Optimal duration of NET is still an issue of debate. Major clinical trials offered endocrine therapy for 3–4 months.3–6 A phase II clinical trial, the primary endpoint of which was to establish the optimal duration to attain the maximum response, offered letrozole between 4 months and 12 months.17 Median times to objective response and maximum response were reported to be 3.9 months (95% CI 3.3 to 4.5) and 4.2 months (95% CI 4.0 to 4.5), respectively; however, 37.1% of the patients achieved the maximum response after 6 months. Another clinical trial, the aim of which was to establish optimal duration to allow BCS for patients with tumours larger than 20 mm, offered letrozole up to 12 months; the median time to achieve BCS was 7.5 months (95% CI 6.3 to 8.5), which was also beyond 6 months.18 A single institutional trial was conducted to investigate the pCR rates by letrozole for 4 months, 8 months and 12 months.19 The pCR rate was more frequent as the duration became longer: 2.5% for 4 months, 5.0% for 8 months and 17.5% for 12 months. The panel at St. Gallen 2015 concluded that NET should continue either for 4–8 months or until maximal response.20 Our study used 6 month duration of exemestane, and thus, it is unclear whether clinical response will predict long-term outcome when NET continues until maximal response. However, considering that only patients with clinical response or SD continue NET until maximum response, the prognostic value of clinical response seems to be retained.

There are several limitations in this study. One critical limitation is a small sample size. In particular, subgroup analyses based on tumour size and nodal status require cautious interpretation. Another limitation is a lack of information on adjuvant therapy. Since adjuvant therapy influences long-term outcomes, it would be of clinical importance to analyse prognosis with detailed information of adjuvant therapy. However, because standard adjuvant therapies including chemotherapy with anthracycline and taxane were indicated in this study, our result may be a representative result of clinical practice. Means to assess clinical response is another issue. We applied the investigators’ evaluation based on the combination of calliper measurement and image modalities including ultrasound, CT and MRI. It would be of clinical importance to monitor tumour size centrally by a fixed modality such as MRI in future studies.

In conclusion, we demonstrated that clinical response to NET was an independent prognostic factor for DFS, DDFS and OS and that patients with PD showed markedly poor outcomes. Patients with PEPI=0 showed an excellent prognosis with 95% 5-year DFS rate. Integration of clinical response and PEPI to determine the appropriate options of adjuvant treatment will improve the treatment strategy for endocrine-responsive breast cancer. Further studies are warranted to confirm the clinical utility of NET for the stratification of endocrine-responsive breast cancer.

Acknowledgments

We would like to thank all the members of JFMC34-0601: G. Wakabayashi, Iwate Medical University; H. Bando, Tsukuba University; S. Nakamura, Showa University Hospital; R. Nishimura, Kumamoto Shinto General Hospital; S. Amano, Nihon University Itabashi Hospital; T. Ohmura, Sapporo Medical University; Y. Yanagida, Gunma Prefectural Cancer Center; T. Saeki, Saitama Medical University International Medical Center; K. Kojima, Juntendo University Hospital; T. Sawada, Showa University Hospital; H. Ogata, Toho University Omori Medical Center; H. Yasuda, International Medical Center of Japan; S. Takahashi, The Cancer Institute Hospital of JFCR; M. Takami, Tokyo Metropolitan Fuchu Hospital; T. Nishi, Mitsui Memorial Hospital; A. Chiba, Kanagawa Cancer Center; Y. Tokuda, Tokai University; K. Ito, Shinshu University Hospital; T. Utsumi, Fujita Health University; K. Anan, Kitakyushu Municipal Medical Center. We would also like to thank Dr Shigetoyo Saji, Dr Yoshihiko Maehara, Ms Minako Nakashima and Ms Eiko Nemoto for their support.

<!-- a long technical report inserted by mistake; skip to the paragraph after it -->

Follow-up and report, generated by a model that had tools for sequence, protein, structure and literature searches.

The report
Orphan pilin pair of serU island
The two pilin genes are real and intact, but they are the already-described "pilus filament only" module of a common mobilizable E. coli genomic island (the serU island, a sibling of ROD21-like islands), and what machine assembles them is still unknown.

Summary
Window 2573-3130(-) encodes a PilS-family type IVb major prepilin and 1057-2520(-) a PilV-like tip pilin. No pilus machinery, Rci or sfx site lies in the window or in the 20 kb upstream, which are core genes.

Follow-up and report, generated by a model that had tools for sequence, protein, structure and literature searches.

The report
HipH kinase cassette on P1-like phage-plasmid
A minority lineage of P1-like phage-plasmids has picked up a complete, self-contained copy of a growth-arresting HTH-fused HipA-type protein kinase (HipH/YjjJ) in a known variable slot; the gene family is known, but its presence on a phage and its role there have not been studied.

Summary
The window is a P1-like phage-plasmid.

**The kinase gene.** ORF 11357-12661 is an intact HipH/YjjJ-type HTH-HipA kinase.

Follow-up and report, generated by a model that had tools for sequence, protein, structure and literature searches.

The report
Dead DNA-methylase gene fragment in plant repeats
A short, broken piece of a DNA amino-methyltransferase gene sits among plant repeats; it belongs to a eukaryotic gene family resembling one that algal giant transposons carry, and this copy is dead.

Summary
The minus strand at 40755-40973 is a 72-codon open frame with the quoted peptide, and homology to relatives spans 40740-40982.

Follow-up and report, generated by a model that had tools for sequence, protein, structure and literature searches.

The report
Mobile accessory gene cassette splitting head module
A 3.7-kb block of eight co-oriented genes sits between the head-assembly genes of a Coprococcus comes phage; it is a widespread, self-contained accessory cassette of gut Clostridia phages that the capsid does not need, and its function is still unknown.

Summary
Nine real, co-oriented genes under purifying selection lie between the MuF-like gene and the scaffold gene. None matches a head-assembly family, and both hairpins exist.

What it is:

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Footnotes

  • Contributors SS and MT have contributed to the conception and design of the study and drafting the study. TU has contributed to the data analysis and manuscript writing. NM, KK, NS, HT, YY, SO, HY, KH, KA and HI have contributed to acquisition of data. TY has contributed to the statistical analysis. HS has contributed to pathological analyses.

  • Funding This trial was supported by The Japanese Foundation for Multidisciplinary Treatment of Cancer (JFMC). Pfizer Inc made donation to JFMC. Paper preparation was partly supported by JSPS KAKENHI Grant Numbers 15K10059 and 15K10067.

  • Competing interests TU has received honoraria from Chugai Pharmaceutical Co, Ltd, Eisai Co, Ltd, Novartis Pharma K.K. MT has received remuneration and funding from Pfizer Inc and Novartis Pharma K.K. SS has received honoraria from Astra Zeneca K.K., Chugai Pharmaceutical Co, Ltd, Eisai Co, Ltd, Novartis Pharma K.K. and Pfizer Inc NM has received honoraria from Chugai Pharmaceutical Co, Ltd, Astra Zeneca K.K., Eisai Co, Ltd, Kyowa Hakko Kirin Co, Ltd and Pfizer Inc. and funding from Chugai Pharmaceutical Co, Ltd and Eisai Co, Ltd. SO has received remuneration from Chugai Pharmaceutical Co, Ltd, Astra Zeneca K.K., Eisai Co, Ltd, Kyowa Hakko Kirin Co, Ltd, Novartis Pharma K.K., Sanofi K.K., Taiho Pharmaceutical Co, Ltd and Pfizer Inc. HI has received honoraria form Chugai Pharmaceutical Co, Ltd, Eisai Co, Ltd,Astra Zeneca K.K., Daichi Sankyo Co, Ltd. and funding from Novartis Pharma K.K. Pfizer Inc, Astra Zeneca K.K., Chugai Pharmaceutical Co, Ltd,Kyowa Hakko Kirin Co, Ltd , GSK Co, Ltd , Daiichi Sankyo Co, Ltd, Lilly Co, Ltd , MSD Inc. TY has received honoraria from Chugai Pharmaceutical Co, Ltd, Takeda Pharmaceutical Co, Ltd, Boehringer Ingelheim Co, Ltd and Taiho Pharmaceutical Co, Ltd and funding from Takeda Pharmaceutical Co, Ltd.

  • Patient consent Obtained.

  • Ethics approval The clinical trial and all the analyses comply with the current law of Japan. The study protocol was approved by the Ethics Committee in each institution.

  • Provenance and peer review Not commissioned; externally peer reviewed.